3. I know through the principle of auto-suggestion, any desire that I persistently hold in my mind will eventually see expression through some pratcial means of attaining the object back of it, therefore, I will devote ten minutes daily to demanding of myself the development of SELF-CONFIDENCE.

4. I have clearly written down a description of my DEFINITE CHIEF AIM in life, and I will never stop trying, until I shall have developed sufficient self-confidence for its attainment.

5. I fully realize that no wealth or position can long endure, unless built upon truth and justice, therefore, I will engage in no transaction which does not benefit all whom it affects. I will succeed by attracting to myself the forces I wish to use, and the cooperation of other people. I will induce others to serve me, because of my willingness to serve others. I will eliminate hatred, envy, jealousy, selfishness, and cynicism, by developing love for all humanity, because I know that a negative attitude toward others can never bring me success. I will cause others to believe in me, because I will believe in them, and in myself.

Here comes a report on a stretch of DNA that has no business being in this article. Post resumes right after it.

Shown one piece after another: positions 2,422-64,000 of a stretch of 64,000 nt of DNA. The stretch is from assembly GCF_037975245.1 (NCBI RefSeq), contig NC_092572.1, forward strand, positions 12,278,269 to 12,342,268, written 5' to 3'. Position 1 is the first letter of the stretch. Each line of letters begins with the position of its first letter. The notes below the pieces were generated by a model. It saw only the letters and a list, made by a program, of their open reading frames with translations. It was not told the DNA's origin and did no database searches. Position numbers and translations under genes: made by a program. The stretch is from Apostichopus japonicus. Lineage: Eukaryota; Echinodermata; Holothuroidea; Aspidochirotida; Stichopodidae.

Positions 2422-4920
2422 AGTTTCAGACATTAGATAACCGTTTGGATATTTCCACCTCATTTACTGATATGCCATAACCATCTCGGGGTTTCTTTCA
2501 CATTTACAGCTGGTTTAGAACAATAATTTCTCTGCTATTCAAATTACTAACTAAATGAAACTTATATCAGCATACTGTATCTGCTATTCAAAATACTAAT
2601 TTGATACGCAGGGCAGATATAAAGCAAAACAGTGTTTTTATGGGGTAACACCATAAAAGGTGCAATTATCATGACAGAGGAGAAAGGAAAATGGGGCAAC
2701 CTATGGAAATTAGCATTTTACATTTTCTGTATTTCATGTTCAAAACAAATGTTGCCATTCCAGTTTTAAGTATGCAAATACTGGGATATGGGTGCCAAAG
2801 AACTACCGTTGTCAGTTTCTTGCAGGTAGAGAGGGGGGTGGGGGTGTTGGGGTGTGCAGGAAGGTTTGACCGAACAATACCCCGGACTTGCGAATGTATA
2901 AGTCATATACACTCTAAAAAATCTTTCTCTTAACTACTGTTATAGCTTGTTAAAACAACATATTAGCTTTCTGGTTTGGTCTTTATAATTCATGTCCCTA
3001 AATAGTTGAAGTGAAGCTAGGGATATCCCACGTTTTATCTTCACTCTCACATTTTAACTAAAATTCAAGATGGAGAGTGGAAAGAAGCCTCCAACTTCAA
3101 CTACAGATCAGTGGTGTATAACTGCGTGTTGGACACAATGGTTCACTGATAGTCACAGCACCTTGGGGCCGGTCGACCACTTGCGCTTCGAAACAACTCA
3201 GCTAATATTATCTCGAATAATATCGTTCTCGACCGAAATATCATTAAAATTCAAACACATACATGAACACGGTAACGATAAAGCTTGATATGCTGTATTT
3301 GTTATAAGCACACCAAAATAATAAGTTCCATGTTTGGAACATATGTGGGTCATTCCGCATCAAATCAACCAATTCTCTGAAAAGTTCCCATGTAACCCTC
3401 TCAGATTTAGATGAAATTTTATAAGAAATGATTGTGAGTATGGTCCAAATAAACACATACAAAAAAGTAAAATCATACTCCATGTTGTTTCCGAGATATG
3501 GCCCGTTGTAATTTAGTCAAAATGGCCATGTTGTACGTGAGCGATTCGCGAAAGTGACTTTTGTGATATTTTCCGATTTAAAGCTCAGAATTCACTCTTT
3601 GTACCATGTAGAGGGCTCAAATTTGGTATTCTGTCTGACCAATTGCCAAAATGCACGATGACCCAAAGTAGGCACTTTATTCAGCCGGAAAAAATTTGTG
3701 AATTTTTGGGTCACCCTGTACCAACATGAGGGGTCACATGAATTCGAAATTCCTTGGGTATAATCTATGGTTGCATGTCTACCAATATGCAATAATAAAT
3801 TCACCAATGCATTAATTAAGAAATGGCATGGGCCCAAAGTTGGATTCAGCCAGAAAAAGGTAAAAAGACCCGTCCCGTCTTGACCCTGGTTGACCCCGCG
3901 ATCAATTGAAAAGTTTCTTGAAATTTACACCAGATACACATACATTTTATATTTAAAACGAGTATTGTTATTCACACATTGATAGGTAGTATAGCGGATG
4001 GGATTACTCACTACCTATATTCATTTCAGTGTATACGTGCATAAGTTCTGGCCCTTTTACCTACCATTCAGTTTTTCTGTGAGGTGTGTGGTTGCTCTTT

I will sign my name to this formula, commit it to memory, and repeat it aloud once a day, with full FAITH that it will gradually influence my THOUGHTS and ACTIONS so that I will become a self-reliant, and successful person.

He closes the chapter with the story of Carnegie’s steel company was sold to form the US Steel Corporation. An interesting story.

Finally, I’ll leave you with this poem I liked from chapter 3:

If you think you are beaten, you are,
If you think you dare not, you don’t
If you like to win, but you think you can’t,
It is almost certain you won’t.

If you think you’ll lose, you’re lost,
For out of the world we find,
Success begins with a fellow’s will—
It’s all in the state of mind.

If you think you are outclassed, you are,
You’ve got to think high to rise,
You’ve got to be sure of yourself before